It doesn’t matter that she was born in Kyiv, has lived there all her life, is a Ukrainian citizen, or that her mother is a Ukrainian.  It matters that she is not white and therefore not representative of Ukraine it seems.  At least that is the opinion of Yuri Sirotyuk who happens to be highly placed within the Svoboda party.  In fact he stated she would get “Nul points” because of the colour of her skin.

Now I have repeatedly and robustly raised my concerns over the rise of the far-right across Europe and have specifically mentioned the poisonous Svoboda party (who happen to be signed up members of the United Democratic Opposition) regularly over the years this blog has been running.  Use the blog search facility and see for yourself.

It is not that I have a problem with the right to free speech.  Mr Sirotyuk has the right to say what he wants, especially so as he is a regional MP and represents a region that is predominantly responsible for the entire 5% of the national vote Svoboda received at the last elections.  I also do not have a problem with Svoboda praising Nazism and identifying themselves with it.  They are at least honest enough to wear the label that others would give them rather than shy away from the word.  He may well be representative of his voters in saying what he did and that is what he is there to do.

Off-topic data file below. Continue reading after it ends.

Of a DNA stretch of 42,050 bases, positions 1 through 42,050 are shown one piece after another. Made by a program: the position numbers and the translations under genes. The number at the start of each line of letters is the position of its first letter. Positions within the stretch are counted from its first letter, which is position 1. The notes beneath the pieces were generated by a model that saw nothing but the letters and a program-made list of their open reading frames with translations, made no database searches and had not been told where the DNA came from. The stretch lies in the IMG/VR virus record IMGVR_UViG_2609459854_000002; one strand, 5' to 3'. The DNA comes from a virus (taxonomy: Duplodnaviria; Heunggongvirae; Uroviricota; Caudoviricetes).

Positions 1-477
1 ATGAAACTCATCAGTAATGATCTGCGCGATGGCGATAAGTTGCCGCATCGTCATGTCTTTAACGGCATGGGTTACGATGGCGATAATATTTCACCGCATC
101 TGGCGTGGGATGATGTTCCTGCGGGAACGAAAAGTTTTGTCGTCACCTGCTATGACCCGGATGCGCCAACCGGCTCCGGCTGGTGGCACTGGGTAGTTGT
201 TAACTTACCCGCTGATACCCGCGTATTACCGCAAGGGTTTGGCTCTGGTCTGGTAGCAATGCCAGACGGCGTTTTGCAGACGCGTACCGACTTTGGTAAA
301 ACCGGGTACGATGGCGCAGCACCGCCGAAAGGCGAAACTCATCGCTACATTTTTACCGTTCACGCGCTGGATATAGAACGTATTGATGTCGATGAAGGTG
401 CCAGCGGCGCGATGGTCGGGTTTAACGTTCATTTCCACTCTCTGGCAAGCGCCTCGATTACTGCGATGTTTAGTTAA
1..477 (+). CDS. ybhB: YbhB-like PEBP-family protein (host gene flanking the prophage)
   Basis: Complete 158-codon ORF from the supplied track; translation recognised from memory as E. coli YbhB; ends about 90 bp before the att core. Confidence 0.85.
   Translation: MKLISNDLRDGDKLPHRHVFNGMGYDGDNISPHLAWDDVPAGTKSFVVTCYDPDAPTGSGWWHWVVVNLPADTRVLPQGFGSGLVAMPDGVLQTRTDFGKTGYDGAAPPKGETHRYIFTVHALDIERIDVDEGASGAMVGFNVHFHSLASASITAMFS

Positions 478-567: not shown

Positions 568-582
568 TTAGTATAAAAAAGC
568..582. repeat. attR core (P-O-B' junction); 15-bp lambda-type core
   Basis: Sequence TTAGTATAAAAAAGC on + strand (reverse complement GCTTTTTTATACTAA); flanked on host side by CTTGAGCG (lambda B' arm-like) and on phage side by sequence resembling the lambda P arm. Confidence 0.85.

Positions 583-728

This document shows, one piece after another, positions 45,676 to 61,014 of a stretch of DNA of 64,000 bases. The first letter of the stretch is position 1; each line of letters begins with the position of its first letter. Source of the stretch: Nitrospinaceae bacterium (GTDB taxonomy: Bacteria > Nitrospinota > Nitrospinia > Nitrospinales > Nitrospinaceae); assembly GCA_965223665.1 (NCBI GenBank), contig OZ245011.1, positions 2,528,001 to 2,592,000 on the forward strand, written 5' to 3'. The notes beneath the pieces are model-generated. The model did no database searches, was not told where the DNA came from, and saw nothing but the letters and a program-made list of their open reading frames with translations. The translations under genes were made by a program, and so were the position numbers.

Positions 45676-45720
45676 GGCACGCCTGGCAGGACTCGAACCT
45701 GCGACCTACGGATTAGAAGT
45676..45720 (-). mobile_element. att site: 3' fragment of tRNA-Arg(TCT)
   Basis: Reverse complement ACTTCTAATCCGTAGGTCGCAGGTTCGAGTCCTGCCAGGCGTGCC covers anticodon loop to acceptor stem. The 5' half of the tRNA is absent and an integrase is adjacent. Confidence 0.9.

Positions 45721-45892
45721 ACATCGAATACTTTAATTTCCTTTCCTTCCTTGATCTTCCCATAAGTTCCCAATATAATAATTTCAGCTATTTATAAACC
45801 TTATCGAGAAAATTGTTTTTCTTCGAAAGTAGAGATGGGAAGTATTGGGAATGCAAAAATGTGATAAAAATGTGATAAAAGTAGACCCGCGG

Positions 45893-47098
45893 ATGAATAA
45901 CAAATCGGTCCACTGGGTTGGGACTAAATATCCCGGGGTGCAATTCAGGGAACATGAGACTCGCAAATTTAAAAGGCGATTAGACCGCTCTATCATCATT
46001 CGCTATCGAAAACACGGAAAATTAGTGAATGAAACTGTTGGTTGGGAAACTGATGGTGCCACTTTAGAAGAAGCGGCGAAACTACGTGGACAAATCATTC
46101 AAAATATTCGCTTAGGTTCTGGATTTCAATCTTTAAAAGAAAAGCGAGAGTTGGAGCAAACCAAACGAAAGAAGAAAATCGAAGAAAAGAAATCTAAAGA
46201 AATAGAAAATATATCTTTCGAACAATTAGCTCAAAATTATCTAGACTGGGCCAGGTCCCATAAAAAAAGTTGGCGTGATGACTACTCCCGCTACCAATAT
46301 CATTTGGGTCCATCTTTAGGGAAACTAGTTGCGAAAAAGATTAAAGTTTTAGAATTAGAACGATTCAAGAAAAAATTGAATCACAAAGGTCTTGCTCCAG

It can hardly be classed as a hate speech or be compared to the Nuremburg Rallies.

However as the above link shows, the ECfHR  has stated “… tolerance and respect for the equal dignity of all human beings constitute the foundations of a democratic, pluralistic society. That being so, as a matter of principle it may be considered necessary in certain democratic societies to sanction or even prevent all forms of expression which spread, incite, promote or justify hatred based on intolerance…”